Once in a while I get asked about recent Cuban prospects (post Jose Abreu) and my answer has been largely, "Meh". I haven't covered much on them because frankly, the word I heard was they were a collection of 5th OF'ers, utility infielders, and relief pitchers --- maybe a fringe starter among them.
Yasmani Tomas is different.
Ben Badler reports that cthe 23 year old 6'1", 230 lbs. OF'er has left Cuba and will soon go through the process of making him eligible to play professional baseball in the United States.
As a 23 year old, he is not subject to the IFA Pool Spending Limits. So maybe the Cubs can make up for their inability to spend on the 23 and under crowd and pour it all into Tomas.
Badler also says this,
"Given his present talent level, Tomas might have a chance to go straight into a major league lineup..."
Not so fast.
Badler does go on to say that a stint in the minors is more likely. One scouting source who has seen him play says it's more than likely. It is necessary. That is not to say there isn't some serious talent here,
Here is an excerpt from the report I have,
He is a potent fast twitch player. Bat speed to hit anything thrown, but will chase the break and stretch the zone. He has everything you look for from a prospect, but he has some ironing out to do.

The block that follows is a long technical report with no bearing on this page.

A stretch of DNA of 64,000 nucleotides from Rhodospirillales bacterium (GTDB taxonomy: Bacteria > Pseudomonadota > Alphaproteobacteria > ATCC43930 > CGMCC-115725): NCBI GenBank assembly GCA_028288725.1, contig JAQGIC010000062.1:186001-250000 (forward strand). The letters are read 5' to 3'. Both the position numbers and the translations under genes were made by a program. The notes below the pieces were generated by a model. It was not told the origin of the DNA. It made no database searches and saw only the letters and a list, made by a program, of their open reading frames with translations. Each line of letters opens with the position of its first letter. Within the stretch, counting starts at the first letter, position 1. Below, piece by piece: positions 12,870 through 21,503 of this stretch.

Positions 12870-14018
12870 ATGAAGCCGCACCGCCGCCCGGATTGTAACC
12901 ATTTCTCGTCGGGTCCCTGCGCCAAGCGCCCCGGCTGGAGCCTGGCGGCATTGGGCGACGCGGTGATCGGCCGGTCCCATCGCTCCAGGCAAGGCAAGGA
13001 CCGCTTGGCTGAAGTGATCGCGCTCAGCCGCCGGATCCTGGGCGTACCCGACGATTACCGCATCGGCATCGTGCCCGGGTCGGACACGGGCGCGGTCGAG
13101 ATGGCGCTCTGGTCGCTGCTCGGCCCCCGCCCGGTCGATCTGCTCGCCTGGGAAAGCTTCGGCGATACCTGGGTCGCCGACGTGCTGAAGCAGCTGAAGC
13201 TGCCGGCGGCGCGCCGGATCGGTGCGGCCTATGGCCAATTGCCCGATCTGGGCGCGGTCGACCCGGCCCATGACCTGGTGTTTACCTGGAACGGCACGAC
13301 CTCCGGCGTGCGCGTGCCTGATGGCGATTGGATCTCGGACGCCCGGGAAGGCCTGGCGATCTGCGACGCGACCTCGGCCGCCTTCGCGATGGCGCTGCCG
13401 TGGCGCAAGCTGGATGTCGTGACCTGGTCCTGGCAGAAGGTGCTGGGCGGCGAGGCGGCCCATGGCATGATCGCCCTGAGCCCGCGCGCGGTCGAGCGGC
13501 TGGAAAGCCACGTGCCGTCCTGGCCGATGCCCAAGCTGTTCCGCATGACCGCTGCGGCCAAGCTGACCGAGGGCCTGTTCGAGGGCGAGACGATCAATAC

When asked if he as athletic enough to play the OF with that rather thick frame, the response was,
Oh yeah, he is in the mold of (Yoenis) Cespedes and (Yasiel) Puig, has similar qualities of both men.
But before you get too excited, we're talking about athleticism and raw talent. He is not Cespedes or Puig. Not yet anyway. There is a lot more risk/reward here and much like current Cubs prospect Jorge Soler, there is some development left, though perhaps not as much, as Tomas is older and has experience at the highest level of Cuban baseball.
There is the obvious issue with breaking balls and as stated above, he will chase them outside the zone. There is some swing and miss to his game. There are some holes and U.S pitchers were able to exploit them in the WBC.
But the bat speed, youth, and athleticism is enticing. And while he may not be ready for 2015, he has some upside. For me, there hasn't really been a Cuban prospect worth writing about since Abreu entered the market, but even then, Abreu was a first baseman only and the Cubs already have a pretty good, young talent there in Anthony Rizzo.
Now, with Kris Bryant looking like he can stick at 3B, Jorge Soler battling injuries, Kyle Schwarber just starting his career, and Albert Almora derailing off the fast track so far this season, there is nobody to really block Yasmani Tomas right now. But although Abreu and Cespedes jumped straight to the majors, that isn't going to happen with Tomas. He's not even yet at Puig's level where Puig just needed time to get into shape and get his timing back. Tomas will need more than token time and seasoning in the minors, so that naturally involves a little more risk.
But, unlike the most recent prospects, there is some impact potential here to go with that risk, so this one is worth tracking.